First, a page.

As always, please send us your thoughts about how you'd like to see the After Effects-to-AME workflow improved: http://adobe.ly/feature_request

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Explorer ,
Jun 24, 2014 Jun 24, 2014

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Thanks for taking the time to answer this question. Knowing this isn't possible at least narrows my options down. It would be helpful to provide some kind of list of what comp settings carry over into AME from After Effects. Is it essentially everything that is enabled in the Timeline? (I know that motion blur settings do.)

I'll put this in a feature request, but yes, we need the other half of After Effects Render Queue in AME in order for AME to be a good replacement for rendering from AE. I'll give you my thoughts on why Render Settings are essential before you would actually want to render with AME instead of doing so because you have to (either because you want to render in the background, or need a codec that has been removed from AE.)

1. Speed: Simply applying a Render Settings preset is much faster than manually setting motion blur, frame blending, work area, etc.

2. Reliability: Not being able to apply a Render Settings preset at the time of render is a recipe for missing a crucial setting buried in a comp, then having to redo a render and wasting time.

3. Features: As noted above, there is no way to approximate Render Queue's ability to change resolutions at render, which results in a lot of wasted time when that feature is needed.

Render Settings I think are crucial to making AME rendering worthwhile for AE users:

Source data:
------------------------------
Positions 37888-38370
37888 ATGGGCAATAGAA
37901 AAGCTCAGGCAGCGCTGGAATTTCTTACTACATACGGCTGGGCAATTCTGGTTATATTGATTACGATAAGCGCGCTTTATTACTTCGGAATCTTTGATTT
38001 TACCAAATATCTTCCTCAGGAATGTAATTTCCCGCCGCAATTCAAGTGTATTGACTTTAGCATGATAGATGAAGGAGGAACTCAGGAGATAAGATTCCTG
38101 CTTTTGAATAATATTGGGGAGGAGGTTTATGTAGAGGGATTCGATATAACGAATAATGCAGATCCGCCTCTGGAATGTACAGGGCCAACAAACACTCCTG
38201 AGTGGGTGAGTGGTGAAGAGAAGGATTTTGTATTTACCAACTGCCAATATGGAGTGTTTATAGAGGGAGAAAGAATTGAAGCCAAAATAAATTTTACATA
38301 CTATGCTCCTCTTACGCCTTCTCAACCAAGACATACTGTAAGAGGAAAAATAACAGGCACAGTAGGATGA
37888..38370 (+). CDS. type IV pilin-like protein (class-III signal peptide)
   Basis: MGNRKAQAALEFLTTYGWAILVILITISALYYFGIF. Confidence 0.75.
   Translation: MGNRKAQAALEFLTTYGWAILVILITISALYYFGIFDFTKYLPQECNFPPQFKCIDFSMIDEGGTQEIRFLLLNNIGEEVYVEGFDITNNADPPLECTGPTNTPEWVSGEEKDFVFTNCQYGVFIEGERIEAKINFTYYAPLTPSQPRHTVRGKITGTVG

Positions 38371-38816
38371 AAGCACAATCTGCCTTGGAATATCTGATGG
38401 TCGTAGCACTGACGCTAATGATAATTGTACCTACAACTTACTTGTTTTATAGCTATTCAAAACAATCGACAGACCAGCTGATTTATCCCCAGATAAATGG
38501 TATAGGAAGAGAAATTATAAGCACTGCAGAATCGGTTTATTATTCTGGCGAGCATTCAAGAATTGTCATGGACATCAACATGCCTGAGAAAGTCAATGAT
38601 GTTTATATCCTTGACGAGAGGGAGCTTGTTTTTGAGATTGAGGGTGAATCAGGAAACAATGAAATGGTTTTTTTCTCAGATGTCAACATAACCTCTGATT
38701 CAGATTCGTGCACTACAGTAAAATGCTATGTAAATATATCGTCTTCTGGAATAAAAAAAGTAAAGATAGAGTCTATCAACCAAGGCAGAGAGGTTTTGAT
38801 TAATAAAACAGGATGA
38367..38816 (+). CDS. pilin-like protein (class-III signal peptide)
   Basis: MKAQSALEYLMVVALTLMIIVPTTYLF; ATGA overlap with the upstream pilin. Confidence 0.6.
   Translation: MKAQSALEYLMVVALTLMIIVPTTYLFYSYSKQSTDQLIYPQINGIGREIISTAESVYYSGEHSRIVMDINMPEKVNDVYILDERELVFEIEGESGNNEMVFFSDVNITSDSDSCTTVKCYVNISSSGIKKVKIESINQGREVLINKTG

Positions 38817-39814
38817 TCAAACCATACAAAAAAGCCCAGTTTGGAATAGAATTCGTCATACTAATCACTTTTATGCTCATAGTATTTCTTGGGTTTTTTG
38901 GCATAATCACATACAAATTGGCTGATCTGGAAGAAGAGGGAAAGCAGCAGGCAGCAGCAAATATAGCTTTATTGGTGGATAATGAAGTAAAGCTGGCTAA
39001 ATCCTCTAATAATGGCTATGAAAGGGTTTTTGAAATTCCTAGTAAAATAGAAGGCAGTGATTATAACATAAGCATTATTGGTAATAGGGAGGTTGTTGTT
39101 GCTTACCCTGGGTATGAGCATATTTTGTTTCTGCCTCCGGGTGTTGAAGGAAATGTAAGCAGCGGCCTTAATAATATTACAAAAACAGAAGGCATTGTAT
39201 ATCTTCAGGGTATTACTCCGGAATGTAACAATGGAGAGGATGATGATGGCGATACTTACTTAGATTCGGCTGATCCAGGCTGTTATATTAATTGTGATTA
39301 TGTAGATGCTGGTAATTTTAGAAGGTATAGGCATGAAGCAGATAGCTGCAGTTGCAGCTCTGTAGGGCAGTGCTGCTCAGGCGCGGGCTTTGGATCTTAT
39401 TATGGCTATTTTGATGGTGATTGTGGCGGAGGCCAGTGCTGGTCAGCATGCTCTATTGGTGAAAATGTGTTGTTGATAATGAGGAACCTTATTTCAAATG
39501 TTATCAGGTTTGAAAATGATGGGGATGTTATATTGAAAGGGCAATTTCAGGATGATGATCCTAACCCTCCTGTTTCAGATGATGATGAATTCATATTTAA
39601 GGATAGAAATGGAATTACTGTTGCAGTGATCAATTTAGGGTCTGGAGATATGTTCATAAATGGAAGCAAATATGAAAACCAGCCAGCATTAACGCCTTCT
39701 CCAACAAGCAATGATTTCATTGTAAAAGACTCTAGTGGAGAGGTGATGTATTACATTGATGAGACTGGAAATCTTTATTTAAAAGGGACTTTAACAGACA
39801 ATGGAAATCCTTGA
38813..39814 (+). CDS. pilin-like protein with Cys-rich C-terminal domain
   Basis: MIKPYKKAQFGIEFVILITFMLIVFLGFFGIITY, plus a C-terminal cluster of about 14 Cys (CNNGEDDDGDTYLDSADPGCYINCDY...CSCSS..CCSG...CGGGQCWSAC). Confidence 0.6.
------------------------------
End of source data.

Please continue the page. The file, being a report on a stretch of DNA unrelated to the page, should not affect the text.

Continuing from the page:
1. Rendering resolution

2. Work Area/Entire Composition toggle

3. Field Rendering (wait, does this mean AME can't currently render to fields?)

4. And PRESET ability these settings, so I'm not doing them manually every time.

I realize that your team clearly doesn't spend the same amount of time I do making low res H264 previews and sending final files out in H264 format, so you don't appreciate the impact of the changes you made. Moving to AME for that stuff is a real inconvenience, but implementing the settings above could help soften the blow.

Thanks,

Jerry

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Adobe Employee ,
Jun 25, 2014 Jun 25, 2014

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Thanks for the feedback. Please do file feature requests, and feel free to file the same request against both AME and After Effects, since this particular work needs to be scheduled for both applications.

We do understand your frustration with the gap in functionality, and appreciate that the workarounds (ex., rendering low-res lossless from After Effects to an AME watch folder) don't provide the same level of sophistication as native encoding from After Effects.

We do plan to implement better integration between After Effects and AME, and the two teams have been talking about about how it would work. Ideally, you would queue and configure the comp rendering in After Effects but AME would do the active encoding. In all likelihood we will probably will step through some iterations towards that ideal functionality over a series of releases, and the first step is still a ways off. Such work competes with other priorities the two development teams need to juggle.